|Battle of Stones River|
|United States (Union)||Confederate States|
|William Rosecrans||Braxton Bragg|
|Military Units in Battle|
|Army of the Cumberland||Army of Tennessee|
|Casualties and Deaths|
|Total: 12,906||Total: 11,739|
|Part of the American Civil War|
The Battle of Stones River was fought between December 31, 1862 and January 2, 1863. This battle was the culmination of the campaign in Middle Tennessee. The battle of Stones River was devastating for both sides and, of all the major Civil War battles, this had the highest percentage of casualties suffered.
Despite being an inconclusive battle that had a high number of casualties, the Confederate withdrawal and the troops’ survival against two Confederate attacks were a much-needed morale boost for the Union army after their recent defeat at Fredericksburg.
William S. Rosecran, Major General of the Union Army of the Cumberland, travelled with his Union troops on December 26th to challenge Braxton Bragg, a Confederate General, and the Army of Tennessee. Both commanders planned to execute manoeuvres that would attack their opponent’s right flank. Bragg struck first, attacking before breakfast on December 31st.
A massive assault, launched by Major General William Hardee and his corps was followed by an attack from Leonidas Polk. Together, they managed to overrun the Union wing commanded by Major General Alexander McCook. Brigadier General Philip Sheridan prevented this attack turning into a complete disaster for the Union army by providing a stout defensive line that repeatedly repulsed the attacking Confederates.
Most notably, they rebuffed assaults in the ‘Round Forest’ salient. Bragg attempted multiple assaults on the area, but Major General Breckinridge’s troops were slow to arrive to the Round Forest and their attacks failed every time.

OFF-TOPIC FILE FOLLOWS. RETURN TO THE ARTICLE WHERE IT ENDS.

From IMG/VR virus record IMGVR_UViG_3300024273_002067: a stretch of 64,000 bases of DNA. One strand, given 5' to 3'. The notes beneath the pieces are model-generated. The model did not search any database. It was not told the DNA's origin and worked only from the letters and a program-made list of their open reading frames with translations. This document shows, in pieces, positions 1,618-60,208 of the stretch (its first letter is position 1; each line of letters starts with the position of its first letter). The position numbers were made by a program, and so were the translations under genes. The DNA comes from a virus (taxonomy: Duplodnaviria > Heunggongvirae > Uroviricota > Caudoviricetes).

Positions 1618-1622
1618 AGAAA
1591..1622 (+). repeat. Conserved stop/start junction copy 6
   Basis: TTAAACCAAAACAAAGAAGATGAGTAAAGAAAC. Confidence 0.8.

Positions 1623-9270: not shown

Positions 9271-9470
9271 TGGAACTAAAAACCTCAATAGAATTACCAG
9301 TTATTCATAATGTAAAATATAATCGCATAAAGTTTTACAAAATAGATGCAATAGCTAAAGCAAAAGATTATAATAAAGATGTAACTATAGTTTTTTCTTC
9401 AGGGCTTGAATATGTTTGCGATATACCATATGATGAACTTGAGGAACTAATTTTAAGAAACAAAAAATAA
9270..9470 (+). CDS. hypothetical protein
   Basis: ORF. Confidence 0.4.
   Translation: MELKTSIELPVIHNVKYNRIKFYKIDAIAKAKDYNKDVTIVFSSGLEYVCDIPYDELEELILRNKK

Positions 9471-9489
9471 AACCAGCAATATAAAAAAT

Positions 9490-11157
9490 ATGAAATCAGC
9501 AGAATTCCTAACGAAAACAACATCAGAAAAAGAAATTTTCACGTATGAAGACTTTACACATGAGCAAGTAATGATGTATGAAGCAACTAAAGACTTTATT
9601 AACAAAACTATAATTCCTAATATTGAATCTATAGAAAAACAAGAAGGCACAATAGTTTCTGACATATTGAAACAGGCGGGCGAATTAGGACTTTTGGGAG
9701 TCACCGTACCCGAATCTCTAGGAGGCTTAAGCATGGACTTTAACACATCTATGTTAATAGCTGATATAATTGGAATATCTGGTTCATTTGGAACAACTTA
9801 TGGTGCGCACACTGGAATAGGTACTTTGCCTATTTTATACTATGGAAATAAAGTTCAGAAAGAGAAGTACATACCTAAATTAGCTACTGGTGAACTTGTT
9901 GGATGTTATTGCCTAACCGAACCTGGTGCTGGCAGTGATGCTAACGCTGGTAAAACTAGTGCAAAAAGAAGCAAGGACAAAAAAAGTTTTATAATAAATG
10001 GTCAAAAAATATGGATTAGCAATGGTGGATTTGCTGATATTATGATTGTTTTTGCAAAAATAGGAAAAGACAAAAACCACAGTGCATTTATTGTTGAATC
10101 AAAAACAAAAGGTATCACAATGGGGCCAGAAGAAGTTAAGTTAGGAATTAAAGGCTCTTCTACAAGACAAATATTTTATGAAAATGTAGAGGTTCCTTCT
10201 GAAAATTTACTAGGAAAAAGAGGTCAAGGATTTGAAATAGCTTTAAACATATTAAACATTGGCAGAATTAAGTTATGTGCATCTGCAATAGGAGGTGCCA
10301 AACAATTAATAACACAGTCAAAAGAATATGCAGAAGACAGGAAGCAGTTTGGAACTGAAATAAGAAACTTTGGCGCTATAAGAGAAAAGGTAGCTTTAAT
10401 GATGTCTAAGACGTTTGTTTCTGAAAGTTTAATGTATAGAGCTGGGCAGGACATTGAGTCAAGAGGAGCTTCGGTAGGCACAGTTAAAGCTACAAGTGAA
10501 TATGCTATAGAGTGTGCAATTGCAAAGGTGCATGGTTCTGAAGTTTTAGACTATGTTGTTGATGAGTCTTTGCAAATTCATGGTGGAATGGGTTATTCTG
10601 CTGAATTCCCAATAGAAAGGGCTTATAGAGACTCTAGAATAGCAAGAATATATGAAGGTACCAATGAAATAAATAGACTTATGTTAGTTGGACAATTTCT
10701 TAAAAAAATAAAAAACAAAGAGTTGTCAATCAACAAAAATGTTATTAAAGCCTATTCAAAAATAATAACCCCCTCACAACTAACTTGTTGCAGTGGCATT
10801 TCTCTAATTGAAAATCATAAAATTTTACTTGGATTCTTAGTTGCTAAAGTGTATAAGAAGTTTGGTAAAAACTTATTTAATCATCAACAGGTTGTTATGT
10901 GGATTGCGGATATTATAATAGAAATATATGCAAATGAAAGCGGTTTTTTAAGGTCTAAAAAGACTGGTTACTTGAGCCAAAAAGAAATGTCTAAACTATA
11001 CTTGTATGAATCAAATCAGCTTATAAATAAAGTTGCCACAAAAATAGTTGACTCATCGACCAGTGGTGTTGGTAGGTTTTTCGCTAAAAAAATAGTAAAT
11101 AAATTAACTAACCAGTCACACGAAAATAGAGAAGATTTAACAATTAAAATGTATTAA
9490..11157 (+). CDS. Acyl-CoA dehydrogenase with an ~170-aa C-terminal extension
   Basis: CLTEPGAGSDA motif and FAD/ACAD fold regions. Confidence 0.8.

After a break in the fighting and tending to the high number of wounded soldiers, Bragg ordered fighting to resume on January 2nd. Bragg ordered Breckinridge to attack the well-fortified Union troops based east of the Stones River. There, they were faced by an overwhelming number of artillery and the Confederates suffered heavy losses. By now, Bragg was aware that Rosecrans was getting reinforcements and chose to withdraw what was left of his troops on January 3rd.
Confederate Military Forces
On October 8th, 1862, General Braxton Bragg and his Army of Mississippi abandoned their Kentucky invasion and traveled to Harrodsburg, where Major General Kirby Smith and his army of 10,000 men joined him. Low on supplies and frustrated with the results of the current campaign, Bragg eventually stopped in Murfreesboro. Smith’s Army of Kentucky and Bragg’s Army of Mississippi joined forces and became renamed the Army of Tennessee. In Murfreesboro, Bragg took up a defensive position along Stones River.
On December 16th, Bragg sent the infantry division led by Major General Carter Stevenson to assist a campaign in Mississippi. This resulted in Bragg’s troop numbers being reduced by 7,500. What was left of Bragg’s army included two Corps – one led by Major General William Hardee that included three divisions, the other led by Major General Leonidas Polk.
Hardee’s troops included three infantry divisions led by Major Generals John Breckinridge, John McCown and Patrick Cleburne. Polk’s troops consisted of two infantry divisions led by Benjamin Cheatham and Jones Withers plus a cavalry division commanded by Brigadier General Joseph Wheeler.
Union Military Forces